The churches of Christ Greet You (Romans 16:16)

TEXT: Luke 13:1-5: There were present at that season some who told Him about the Galileans whose blood Pilate had mingled with their sacrifices. 2 And Jesus answered and said to them, do you suppose that these Galileans were worse sinners than all other Galileans, because they suffered such things? 3 I tell you, no; but unless you repent you will all likewise perish. 4 Or those eighteen on whom the tower in Siloam fell and killed them, do you think that they were worse sinners than all other men who dwelt in Jerusalem? 5 I tell you, no; but unless you repent you will all likewise perish.


Loved ones, all of God’s prophets of old were preachers of repentance. It is still the same today. Preachers still understand that the most difficult aspect of Christianity is found in Acts 17:30.  There God commands “all men everywhere to repent.”

It’s hard for some to obey that command.


Why is it so difficult - so hard for us to repent? Well, first of all (as we’ll study later in this lesson), repentance involves both a change of mind and a change of conduct. As human beings, who have been given the power of choice, we don’t change our minds or lives very easily. Therefore, it is a challenge for us to repent.


Secondly, repentance implies one is on the wrong path, and none of us wants to admit we are wrong (Amen?). But loved ones, Jesus still says that unless we repent, we will perish (Luke 13:3).


If God were still giving special miraculous gifts today, we would ask for the power, above everything else, to cause men to repent. But since we don’t have that ability, all we can do is spend a little quality time in God’s word dealing with this difficult matter of repentance.


We want to impress on each soul under the sound of our voice (or reading these words) the need for repentance. Somebody sitting in front of us right now needs to repent. Some that are at home this morning when they should be here in worship need to repent. Our goal is for you to humble yourself today and turn from your sin by turning to God.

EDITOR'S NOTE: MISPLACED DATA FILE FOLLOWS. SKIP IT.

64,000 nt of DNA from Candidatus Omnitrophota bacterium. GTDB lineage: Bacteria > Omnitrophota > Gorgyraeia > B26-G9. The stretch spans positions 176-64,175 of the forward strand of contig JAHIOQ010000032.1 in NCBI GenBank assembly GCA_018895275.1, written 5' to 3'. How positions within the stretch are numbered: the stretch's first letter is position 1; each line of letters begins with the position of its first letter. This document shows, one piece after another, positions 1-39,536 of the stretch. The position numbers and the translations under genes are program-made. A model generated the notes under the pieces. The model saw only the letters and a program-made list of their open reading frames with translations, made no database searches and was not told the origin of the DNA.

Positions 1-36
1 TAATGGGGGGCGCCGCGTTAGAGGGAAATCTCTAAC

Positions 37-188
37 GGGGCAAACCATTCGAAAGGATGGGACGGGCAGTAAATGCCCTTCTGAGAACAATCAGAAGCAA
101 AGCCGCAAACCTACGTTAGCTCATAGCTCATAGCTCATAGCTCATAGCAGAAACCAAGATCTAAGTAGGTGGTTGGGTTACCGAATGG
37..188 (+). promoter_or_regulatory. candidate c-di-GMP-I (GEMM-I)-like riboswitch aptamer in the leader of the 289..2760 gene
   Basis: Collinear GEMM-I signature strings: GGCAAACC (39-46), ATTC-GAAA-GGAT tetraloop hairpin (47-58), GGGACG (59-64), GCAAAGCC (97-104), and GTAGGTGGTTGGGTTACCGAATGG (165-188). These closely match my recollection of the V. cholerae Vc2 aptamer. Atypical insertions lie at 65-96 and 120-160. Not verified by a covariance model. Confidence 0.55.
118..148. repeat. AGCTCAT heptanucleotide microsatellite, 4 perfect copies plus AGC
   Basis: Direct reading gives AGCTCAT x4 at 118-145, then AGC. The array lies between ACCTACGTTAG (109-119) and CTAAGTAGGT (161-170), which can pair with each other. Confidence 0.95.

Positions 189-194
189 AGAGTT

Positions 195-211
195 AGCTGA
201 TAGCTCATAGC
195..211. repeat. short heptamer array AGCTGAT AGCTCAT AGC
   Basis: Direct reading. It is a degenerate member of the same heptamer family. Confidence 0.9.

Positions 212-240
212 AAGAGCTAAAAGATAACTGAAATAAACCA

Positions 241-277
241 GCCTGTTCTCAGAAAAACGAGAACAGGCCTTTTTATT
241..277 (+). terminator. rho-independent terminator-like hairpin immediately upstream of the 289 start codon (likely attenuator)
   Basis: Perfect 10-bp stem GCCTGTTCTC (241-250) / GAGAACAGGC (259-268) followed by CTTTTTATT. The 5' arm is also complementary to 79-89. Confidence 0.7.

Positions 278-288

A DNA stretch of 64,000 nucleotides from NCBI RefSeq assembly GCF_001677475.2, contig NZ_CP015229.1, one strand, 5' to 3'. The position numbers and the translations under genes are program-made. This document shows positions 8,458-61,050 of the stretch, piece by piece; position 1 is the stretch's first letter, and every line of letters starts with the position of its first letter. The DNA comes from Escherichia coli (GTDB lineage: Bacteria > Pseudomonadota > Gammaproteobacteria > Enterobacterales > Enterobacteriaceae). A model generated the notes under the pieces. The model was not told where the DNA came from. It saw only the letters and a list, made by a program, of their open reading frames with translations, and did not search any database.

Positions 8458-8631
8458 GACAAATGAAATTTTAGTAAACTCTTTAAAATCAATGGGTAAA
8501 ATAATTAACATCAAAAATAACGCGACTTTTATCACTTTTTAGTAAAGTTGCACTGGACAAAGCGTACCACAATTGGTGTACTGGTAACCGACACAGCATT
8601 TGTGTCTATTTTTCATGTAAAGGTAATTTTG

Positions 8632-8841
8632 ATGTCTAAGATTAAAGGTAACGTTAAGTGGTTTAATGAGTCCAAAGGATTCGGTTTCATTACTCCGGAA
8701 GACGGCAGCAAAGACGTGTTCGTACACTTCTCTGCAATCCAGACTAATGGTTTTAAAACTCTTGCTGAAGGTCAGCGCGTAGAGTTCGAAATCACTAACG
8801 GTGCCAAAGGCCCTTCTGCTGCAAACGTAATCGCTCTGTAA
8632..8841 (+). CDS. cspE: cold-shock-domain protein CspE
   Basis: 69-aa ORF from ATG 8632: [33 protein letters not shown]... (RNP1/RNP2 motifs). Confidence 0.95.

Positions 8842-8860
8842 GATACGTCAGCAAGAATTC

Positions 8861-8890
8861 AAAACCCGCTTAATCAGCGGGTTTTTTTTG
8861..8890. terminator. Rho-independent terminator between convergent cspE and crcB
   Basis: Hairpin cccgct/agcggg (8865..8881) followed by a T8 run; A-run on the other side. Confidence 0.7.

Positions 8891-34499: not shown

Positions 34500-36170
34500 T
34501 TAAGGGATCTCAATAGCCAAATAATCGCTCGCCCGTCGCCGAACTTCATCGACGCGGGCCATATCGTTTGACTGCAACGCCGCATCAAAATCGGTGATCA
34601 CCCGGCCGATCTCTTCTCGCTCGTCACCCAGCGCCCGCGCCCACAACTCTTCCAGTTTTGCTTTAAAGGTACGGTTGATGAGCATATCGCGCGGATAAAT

Lord willing, we will study this subject of repentance from four different angles: 1) Re­pentance is individual, inclusive and indispensable. 2) What does repentance involve? 3) How is repentance brought about? 4) What are the results of repentance?




A.      Repentance is Individual. "Except ye repent," said Jesus (Luke 13:3). "Repent and be baptized every one of you" (Acts 2:38), said Peter. Repentance is something that each individual must do for himself. It cannot be done by proxy. No parent can repent for his children. No preacher can repent for the members. Repentance is individual.


No doubt, many times we may overlook our own need of repentance because we think our sins are NOT as great as those committed by others. In the text of Luke 13:1-5, Jesus clearly points out this fact. Some people had informed Him of the terrible sins committed by the Galileans whose blood Pilate had mingled with their sacrifices. But Jesus declared, "You need NOT think that these Galileans were sinners above all Galileans. You must repent of your sins or you will perish." Because you think your sins are NOT as great as others does NOT excuse you of your need to repent.


The eighteen upon whom the tower of Siloam fell and killed were offenders, but the Lord implied they were NOT sinners above all those who dwelt in Jerusalem. Some no doubt thought that since they had NOT done as badly as those offenders, that they were all right and did NOT need to repent. But that was a mistake. Jesus declared, "Except you repent, you shall likewise perish."


We sometimes think, “My sins are little sins, but yours are big sins. Your sins are so big (as I view them), and mine are so little, I overlook my need of repentance. I think you are the one who needs to repent and not I.” Friends, the Bible does NOT speak of big sins and little sins as far as man's need of repentance is concerned. No doubt some sins are more grievous than others, and the consequences are therefore different. But the point is that every man must repent of his own sins, regardless of what others' sins might be. Repentance is individual.


B.      Repentance is Inclusive. “God commandeth all men everywhere to repent” (Acts 17:30). There is no exception. We have all sinned and come short of the glory of God (Rom. 3:23). A part of the remedy for sin is genuine repentance (Acts 8:22). All men everywhere are to repent. God has commanded it. Repent or perish!